Uber's self-driving cars are off to a rough start

There are already reports of accidents and wrong-way driving.

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Uber's autonomous ridesharing cars appear to be running into snags just a few weeks into their Pittsburgh test runs. Quartz has gathered multiple reports of the self-driving vehicles getting into accidents or otherwise having trouble, some more serious than others. Officially, Uber is only aware of an incident where another car bumped the fender of one of its rides. That's fine given that human drivers frequently pose the biggest danger to robotic cars, and it's difficult to account for all possible behavior. However, Nathan Stachelek also recorded video of a driver manually turning a self-driving car around after it went the wrong way down a one-way street -- suffice it to say this could have created major problems if there was oncoming traffic.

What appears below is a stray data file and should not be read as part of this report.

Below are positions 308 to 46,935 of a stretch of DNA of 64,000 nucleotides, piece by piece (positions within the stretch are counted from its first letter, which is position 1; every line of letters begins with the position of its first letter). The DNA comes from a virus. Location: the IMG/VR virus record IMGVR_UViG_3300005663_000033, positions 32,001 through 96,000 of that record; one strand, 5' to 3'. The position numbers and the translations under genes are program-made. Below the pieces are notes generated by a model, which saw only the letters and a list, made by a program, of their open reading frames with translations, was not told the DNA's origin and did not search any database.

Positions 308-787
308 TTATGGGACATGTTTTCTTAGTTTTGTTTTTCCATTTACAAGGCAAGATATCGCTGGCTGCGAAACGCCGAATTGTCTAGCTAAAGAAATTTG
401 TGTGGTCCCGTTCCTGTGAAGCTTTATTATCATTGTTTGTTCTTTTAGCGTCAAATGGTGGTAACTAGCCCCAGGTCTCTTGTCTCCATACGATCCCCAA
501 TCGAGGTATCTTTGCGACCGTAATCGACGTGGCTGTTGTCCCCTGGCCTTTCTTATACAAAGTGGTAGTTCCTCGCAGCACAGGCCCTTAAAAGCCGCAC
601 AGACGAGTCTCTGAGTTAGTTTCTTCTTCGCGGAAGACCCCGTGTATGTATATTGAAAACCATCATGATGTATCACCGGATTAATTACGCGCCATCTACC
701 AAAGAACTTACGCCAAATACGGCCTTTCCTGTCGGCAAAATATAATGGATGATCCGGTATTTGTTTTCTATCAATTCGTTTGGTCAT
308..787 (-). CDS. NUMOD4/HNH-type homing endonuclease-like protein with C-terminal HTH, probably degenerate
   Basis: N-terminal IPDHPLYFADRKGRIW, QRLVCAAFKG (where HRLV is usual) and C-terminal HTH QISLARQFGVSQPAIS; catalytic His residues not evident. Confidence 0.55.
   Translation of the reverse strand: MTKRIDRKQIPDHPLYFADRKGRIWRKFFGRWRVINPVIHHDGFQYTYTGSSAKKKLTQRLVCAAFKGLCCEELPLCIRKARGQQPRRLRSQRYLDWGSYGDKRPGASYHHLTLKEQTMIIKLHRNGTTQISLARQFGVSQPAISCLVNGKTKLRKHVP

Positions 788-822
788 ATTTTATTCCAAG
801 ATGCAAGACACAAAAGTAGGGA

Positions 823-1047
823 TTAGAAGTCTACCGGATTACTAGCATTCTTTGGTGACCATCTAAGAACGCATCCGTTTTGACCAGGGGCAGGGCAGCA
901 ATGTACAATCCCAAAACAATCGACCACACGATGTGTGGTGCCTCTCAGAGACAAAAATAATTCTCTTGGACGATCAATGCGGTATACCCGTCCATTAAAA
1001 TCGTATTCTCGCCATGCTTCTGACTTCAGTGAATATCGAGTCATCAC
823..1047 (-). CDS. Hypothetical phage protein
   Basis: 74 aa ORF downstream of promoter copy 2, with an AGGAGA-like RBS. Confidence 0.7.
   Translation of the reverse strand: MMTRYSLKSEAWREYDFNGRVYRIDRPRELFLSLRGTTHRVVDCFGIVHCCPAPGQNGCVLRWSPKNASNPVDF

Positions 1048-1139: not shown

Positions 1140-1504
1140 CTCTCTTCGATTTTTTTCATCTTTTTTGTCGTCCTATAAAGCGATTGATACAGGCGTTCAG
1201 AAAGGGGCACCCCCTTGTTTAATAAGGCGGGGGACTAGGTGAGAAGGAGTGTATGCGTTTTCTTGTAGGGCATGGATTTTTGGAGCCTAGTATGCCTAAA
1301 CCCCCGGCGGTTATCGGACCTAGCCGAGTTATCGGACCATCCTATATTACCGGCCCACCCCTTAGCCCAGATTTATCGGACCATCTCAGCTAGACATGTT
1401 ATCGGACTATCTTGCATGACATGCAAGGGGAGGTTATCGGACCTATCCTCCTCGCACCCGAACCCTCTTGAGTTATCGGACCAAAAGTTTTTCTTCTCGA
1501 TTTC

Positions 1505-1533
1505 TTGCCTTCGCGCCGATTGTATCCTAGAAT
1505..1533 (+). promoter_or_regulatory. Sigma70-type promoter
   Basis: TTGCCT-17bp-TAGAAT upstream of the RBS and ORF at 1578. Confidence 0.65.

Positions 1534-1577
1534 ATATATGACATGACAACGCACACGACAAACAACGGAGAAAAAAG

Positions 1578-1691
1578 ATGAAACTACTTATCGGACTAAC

There aren't any other incidents on the record at this point, and Uber has already stressed an abundance of safety precautions. There's always a human driver as backup, and the vehicles are only allowed to drive at certain hours and on certain terrain. They're pre-programmed to accommodate street-specific issues, too, such as dangerous intersections. With that said, these early issues suggest that Uber still has some work to do. That fender-bender happened at an intersection notorious for rear-end accidents, and it's odd that map data didn't prevent turning on to a one-way street in the first place.

Also, these early rough spots raise questions about Uber's cooperation with Pittsburgh. The city doesn't have formal data sharing agreements with Uber, so it's not clear that one side or the other will always have up to date information on incidents or other concerns. The two might need to work more closely to make sure that every collision or wrong-way panic is accounted for.